|HIV/AIDS and Human Rights International Guidelines Joint publication UNAIDS and United Nations (UNAIDS, 1998, 62 p.)|
|Chapitre 3. INTERNATIONAL HUMAN RIGHTS OBLIGATIONS AND HIV/AIDS|
82. Under international human rights law, States may impose restrictions on some rights, in narrowly defined circumstances, if such restrictions are necessary to achieve overriding goals, such as public health, the rights of others, morality, public order, the general welfare in a democratic society and national security. Some rights are non-derogable and cannot be restricted under any circumstances.18 In order for restrictions on human rights to be legitimate, the State must establish that the restriction is:
18 These include the right to life, freedom from torture, freedom from enslavement or servitude, protection from imprisonment for debt, freedom from retroactive penal laws, the right to recognition as a person before the law and the right to freedom of thought, conscience and religion.
(a) Provided for and carried out in accordance with the law, i.e. according to specific legislation which is accessible, clear and precise, so that it is reasonably foreseeable that individuals will regulate their conduct accordingly;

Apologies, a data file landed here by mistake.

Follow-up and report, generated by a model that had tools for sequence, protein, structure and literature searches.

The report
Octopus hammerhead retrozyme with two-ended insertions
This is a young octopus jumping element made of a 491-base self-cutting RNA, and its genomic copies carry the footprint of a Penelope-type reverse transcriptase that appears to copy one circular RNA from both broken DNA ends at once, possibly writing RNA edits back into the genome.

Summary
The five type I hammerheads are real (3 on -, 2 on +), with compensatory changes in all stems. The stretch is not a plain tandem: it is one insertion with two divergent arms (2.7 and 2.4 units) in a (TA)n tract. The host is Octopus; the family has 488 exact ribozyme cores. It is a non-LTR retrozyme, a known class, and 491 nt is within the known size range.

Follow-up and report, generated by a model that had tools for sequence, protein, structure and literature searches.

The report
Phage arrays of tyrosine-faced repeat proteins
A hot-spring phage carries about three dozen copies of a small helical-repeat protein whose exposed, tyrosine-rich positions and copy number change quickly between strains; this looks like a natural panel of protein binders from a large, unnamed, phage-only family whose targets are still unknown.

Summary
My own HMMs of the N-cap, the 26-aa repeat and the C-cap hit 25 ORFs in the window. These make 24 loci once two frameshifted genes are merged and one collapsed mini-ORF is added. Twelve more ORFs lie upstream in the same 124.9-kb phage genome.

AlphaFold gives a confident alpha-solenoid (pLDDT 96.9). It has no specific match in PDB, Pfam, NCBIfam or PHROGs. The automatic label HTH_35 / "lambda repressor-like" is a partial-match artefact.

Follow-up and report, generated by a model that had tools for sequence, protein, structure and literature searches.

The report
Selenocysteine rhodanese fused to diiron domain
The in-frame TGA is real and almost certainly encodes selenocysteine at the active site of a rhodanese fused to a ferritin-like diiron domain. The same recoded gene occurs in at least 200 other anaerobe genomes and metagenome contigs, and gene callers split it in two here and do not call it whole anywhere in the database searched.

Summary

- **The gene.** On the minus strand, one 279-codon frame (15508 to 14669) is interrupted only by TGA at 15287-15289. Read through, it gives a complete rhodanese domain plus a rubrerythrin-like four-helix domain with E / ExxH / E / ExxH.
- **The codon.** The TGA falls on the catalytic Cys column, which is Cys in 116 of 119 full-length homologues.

(b) Based on a legitimate interest, as defined in the provisions guaranteeing the rights;
(c) Proportional to that interest and constituting the least intrusive and least restrictive measure available and actually achieving that interest in a democratic society, i.e. established in a decision-making process consistent with the rule of law.19
19 P. Sieghart, AIDS and Human Rights: A UK Perspective, British Medical Association Foundation for AIDS, London, 1989, pp. 12-25.
83. Public health is most often cited by States as a basis for restricting human rights in the context of HIV/AIDS. Many such restrictions, however, infringe on the principle of non-discrimination, for example when HIV status is used as the basis for differential treatment with regard to access to education, employment, health care, travel, social security, housing and asylum. The right to privacy is known to have been restricted through mandatory testing and the publication of HIV status and the right to liberty of person is violated when HIV is used to justify deprivation of liberty or segregation. Although such measures may be effective in the case of diseases which are contagious by casual contact and susceptible to cure, they are ineffective with regard to HIV/AIDS since HIV is not casually transmitted. In addition, such coercive measures are not the least restrictive measures possible and are often imposed discriminatorily against already vulnerable groups. Finally, and as stated above, these coercive measures drive people away from prevention and care programmes, thereby limiting the effectiveness of public health outreach. A public health exception is, therefore, seldom a legitimate basis for restrictions on human rights in the context of HIV/AIDS.